When I was in high school I rebuilt the brakes on my car …. I havn’t done that since. With the changes in technology, the potential for liability and safety for my family I wouldn’t do it today ….. the risks far outweigh the benefits. There is a place for experts in many fields to provide needed and necessary services for the benefit of the public. That is unless you or someone you know has had a “bad” experience with a mechanic in which case you may believe they are all “bad”

29 1ProudRealtor

Being in real estate for over 23 years , I have seen many things. The one tht has always stood out in my mind was when I went on an appointment to list a home. I gave all the information pertaining to the market, the home the area and the price. I left all these things with my potential client.

Well, calling back to see if the decision was made, I was politely told that they will be selling their home themselves.

Moving foirward 6 months later…receiving a call from these same people asking if there is anything I could do to help them out of a contract they wrote that an attorney approved …I said, no. But before I politely refused any help, I aksed what the problem was.

Here, I heard this wonderful story of what not to do….

The sellers purchased a contract for selling a home at their local stationary store. The buyers and sellers filled in all the blanks but failed one small detail. The actual closing date. there was no where for this item so the attorney for the buyer and seller both missed this small detail.

The seller was begging to find out how he can get out of this deqal since it has been so called “under contrqact” for the last six months without a sign the buyer wanting to close.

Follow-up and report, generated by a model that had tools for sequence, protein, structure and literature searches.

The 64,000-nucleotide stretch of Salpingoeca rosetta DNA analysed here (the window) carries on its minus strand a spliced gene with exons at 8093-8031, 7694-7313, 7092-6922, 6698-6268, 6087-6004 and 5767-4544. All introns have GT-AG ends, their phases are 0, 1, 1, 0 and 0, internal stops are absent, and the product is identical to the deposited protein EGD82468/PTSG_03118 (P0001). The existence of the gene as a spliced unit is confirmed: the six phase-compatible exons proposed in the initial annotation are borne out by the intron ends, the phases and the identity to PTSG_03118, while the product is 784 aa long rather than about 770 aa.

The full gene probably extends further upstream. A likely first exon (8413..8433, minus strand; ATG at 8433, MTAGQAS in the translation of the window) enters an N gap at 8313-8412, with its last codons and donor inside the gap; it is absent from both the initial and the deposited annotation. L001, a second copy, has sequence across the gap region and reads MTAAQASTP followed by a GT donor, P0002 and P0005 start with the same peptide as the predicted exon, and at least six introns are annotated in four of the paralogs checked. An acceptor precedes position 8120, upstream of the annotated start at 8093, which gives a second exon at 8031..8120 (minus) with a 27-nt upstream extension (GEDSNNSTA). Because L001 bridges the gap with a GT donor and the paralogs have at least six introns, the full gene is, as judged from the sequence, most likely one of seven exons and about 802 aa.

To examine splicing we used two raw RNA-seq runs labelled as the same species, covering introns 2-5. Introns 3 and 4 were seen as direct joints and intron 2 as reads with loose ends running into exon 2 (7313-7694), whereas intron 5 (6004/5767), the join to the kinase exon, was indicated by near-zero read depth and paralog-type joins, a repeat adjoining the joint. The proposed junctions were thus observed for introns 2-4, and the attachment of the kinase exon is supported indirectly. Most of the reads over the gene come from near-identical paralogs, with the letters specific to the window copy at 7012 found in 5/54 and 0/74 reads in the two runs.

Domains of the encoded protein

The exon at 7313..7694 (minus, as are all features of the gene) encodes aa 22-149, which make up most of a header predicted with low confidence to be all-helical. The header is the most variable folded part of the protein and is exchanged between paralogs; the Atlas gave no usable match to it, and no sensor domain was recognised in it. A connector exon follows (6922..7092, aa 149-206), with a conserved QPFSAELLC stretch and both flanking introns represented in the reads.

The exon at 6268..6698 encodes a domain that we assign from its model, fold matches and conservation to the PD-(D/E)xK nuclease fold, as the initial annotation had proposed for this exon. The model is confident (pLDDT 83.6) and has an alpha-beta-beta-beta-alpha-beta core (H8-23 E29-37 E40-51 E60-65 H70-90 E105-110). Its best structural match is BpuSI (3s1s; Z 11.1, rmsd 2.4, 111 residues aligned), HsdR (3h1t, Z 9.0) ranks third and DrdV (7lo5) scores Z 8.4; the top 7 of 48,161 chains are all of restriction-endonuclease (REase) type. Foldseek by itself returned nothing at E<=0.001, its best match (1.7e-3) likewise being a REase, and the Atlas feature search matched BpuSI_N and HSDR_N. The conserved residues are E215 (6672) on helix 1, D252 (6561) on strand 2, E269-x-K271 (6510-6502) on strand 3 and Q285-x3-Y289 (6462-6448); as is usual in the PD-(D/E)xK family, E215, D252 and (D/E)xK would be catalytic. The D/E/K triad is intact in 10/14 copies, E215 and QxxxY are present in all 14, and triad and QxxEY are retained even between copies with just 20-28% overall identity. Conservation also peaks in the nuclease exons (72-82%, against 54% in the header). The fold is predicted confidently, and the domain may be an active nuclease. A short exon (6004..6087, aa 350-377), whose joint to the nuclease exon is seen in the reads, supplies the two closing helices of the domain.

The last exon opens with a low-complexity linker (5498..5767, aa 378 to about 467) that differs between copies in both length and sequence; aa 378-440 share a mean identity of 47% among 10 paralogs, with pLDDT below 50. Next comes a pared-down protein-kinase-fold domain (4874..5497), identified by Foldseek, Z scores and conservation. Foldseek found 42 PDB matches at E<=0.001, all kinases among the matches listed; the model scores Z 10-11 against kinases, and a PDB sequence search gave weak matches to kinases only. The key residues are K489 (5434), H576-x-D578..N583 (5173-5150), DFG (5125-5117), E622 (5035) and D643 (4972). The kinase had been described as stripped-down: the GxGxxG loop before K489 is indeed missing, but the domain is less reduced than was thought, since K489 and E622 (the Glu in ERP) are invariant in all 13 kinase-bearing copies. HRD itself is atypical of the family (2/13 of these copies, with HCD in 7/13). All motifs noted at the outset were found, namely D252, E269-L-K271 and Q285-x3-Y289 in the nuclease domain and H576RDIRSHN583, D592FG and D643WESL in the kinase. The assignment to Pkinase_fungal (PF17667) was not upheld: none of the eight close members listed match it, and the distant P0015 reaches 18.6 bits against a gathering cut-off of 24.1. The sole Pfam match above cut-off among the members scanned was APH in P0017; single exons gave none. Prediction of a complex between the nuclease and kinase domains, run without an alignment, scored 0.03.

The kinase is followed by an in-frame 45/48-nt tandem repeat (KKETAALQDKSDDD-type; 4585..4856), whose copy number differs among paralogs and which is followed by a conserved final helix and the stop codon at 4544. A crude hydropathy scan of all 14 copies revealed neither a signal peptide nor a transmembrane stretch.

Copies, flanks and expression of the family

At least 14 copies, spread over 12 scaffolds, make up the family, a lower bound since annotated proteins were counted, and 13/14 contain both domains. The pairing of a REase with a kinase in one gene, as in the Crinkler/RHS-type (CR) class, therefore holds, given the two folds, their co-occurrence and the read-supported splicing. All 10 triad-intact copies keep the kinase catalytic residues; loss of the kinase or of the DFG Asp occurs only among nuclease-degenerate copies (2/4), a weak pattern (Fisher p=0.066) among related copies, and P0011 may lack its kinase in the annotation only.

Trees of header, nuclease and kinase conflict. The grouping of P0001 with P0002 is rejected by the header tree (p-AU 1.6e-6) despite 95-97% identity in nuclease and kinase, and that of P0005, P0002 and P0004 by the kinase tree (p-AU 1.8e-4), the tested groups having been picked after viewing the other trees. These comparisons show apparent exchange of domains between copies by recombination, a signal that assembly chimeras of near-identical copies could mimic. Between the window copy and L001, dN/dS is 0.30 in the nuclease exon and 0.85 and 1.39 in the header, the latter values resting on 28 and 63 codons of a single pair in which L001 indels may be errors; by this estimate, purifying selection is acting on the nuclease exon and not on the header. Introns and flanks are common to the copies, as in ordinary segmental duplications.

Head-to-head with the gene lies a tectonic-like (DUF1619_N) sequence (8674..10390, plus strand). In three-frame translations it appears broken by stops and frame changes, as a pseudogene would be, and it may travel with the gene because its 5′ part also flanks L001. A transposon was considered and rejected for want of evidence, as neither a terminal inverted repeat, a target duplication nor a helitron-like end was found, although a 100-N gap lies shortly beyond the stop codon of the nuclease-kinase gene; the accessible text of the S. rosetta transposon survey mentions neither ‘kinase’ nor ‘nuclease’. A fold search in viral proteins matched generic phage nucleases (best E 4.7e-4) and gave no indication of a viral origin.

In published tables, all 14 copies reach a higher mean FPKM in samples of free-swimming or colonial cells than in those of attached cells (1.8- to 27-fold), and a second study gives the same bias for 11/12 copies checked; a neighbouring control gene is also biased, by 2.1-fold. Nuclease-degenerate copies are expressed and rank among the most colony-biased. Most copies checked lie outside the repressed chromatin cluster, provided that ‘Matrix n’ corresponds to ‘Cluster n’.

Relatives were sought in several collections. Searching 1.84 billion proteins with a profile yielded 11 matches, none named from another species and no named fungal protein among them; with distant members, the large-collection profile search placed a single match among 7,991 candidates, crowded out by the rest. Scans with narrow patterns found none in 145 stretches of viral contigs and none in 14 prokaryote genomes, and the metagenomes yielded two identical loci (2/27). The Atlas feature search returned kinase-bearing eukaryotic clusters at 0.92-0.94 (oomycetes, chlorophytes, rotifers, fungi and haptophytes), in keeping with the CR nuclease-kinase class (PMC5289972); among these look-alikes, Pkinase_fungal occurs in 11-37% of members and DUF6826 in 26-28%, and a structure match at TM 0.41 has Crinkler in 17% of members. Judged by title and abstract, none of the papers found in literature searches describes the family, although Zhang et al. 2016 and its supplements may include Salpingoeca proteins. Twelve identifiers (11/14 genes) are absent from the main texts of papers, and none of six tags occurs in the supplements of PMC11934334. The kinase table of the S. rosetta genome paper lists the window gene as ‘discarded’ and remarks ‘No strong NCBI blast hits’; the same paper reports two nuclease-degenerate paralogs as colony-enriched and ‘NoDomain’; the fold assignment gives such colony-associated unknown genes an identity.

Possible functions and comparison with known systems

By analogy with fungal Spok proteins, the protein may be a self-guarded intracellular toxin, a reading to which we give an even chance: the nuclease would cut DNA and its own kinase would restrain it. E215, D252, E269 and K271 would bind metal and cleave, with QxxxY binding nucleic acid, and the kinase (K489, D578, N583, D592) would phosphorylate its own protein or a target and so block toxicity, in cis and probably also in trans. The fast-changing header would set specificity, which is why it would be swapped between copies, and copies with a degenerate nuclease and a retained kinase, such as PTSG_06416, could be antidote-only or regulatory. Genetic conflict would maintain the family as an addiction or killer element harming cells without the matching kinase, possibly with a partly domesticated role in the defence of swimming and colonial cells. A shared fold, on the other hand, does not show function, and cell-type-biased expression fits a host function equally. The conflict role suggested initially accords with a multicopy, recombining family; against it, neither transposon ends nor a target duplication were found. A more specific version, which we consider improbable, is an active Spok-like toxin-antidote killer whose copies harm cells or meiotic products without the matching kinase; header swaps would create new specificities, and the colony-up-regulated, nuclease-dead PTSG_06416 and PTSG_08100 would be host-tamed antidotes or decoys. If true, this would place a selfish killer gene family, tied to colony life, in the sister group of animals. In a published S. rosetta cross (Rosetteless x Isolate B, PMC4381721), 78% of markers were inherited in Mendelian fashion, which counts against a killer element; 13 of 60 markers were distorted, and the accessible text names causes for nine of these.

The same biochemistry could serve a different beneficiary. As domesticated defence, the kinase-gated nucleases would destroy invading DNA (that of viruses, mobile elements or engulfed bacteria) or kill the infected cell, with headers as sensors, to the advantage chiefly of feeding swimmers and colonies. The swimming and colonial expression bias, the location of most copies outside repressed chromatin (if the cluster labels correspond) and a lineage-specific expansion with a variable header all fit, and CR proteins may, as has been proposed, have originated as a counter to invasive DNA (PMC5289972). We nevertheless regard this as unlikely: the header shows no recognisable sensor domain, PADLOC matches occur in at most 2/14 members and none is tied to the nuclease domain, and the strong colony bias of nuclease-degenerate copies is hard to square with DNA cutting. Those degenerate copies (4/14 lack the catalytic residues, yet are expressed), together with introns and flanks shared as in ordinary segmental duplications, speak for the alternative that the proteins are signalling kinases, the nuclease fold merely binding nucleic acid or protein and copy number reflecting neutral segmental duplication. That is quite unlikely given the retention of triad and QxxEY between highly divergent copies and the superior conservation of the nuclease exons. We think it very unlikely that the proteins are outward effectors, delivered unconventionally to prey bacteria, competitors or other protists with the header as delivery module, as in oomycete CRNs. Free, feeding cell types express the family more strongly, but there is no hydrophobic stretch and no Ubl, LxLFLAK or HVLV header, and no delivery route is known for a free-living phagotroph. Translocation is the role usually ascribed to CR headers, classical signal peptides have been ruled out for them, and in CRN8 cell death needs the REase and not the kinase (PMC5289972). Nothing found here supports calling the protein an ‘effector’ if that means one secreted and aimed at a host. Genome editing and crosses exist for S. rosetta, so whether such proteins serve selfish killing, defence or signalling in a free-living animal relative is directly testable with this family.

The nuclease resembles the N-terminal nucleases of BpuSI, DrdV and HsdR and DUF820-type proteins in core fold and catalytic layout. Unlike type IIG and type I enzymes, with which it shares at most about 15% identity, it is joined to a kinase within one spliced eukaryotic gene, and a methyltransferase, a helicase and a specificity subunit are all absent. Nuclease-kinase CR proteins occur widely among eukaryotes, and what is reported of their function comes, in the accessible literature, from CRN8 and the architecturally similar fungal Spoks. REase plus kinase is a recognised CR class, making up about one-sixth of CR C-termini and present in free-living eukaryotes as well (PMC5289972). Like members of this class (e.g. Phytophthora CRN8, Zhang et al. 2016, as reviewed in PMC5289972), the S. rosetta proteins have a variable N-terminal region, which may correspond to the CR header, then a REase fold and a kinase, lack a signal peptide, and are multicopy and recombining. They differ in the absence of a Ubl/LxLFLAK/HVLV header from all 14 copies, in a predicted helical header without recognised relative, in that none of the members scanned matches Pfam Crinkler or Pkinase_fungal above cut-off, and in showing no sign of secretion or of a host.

Well….funny thing..I had no sympathy at all…I said since you have no date for a time of closing, your property is tied up until 1, you go to court, 2 pay the buyer off…and I cannot help you. Call the attorney that approved your contract.

I believe this buyer was extremely savvy and knew the ropes and must have done this before, otherwise the buyer would have pointed out that he wanted this home at this certain time and date..was very rewarding to me knowing that some sellers do get the karma they give, just as sdome buyers do too.

30 Kevin

Mr. Cheap,

WOW! not sure what happened and it is obvious you hate Realtors but I can assure you have no ideal how the Real Estate process operates just as we have no idea how your business works.( If you do work) I could list everything we do from listing to closing every transaction and it would astound you. No Realtor claims to be perfect but we are providing a respectable service to our Clients. You might want to take a look at yourself and see why you have such a negative outlook on life and channel them thoughts into positive.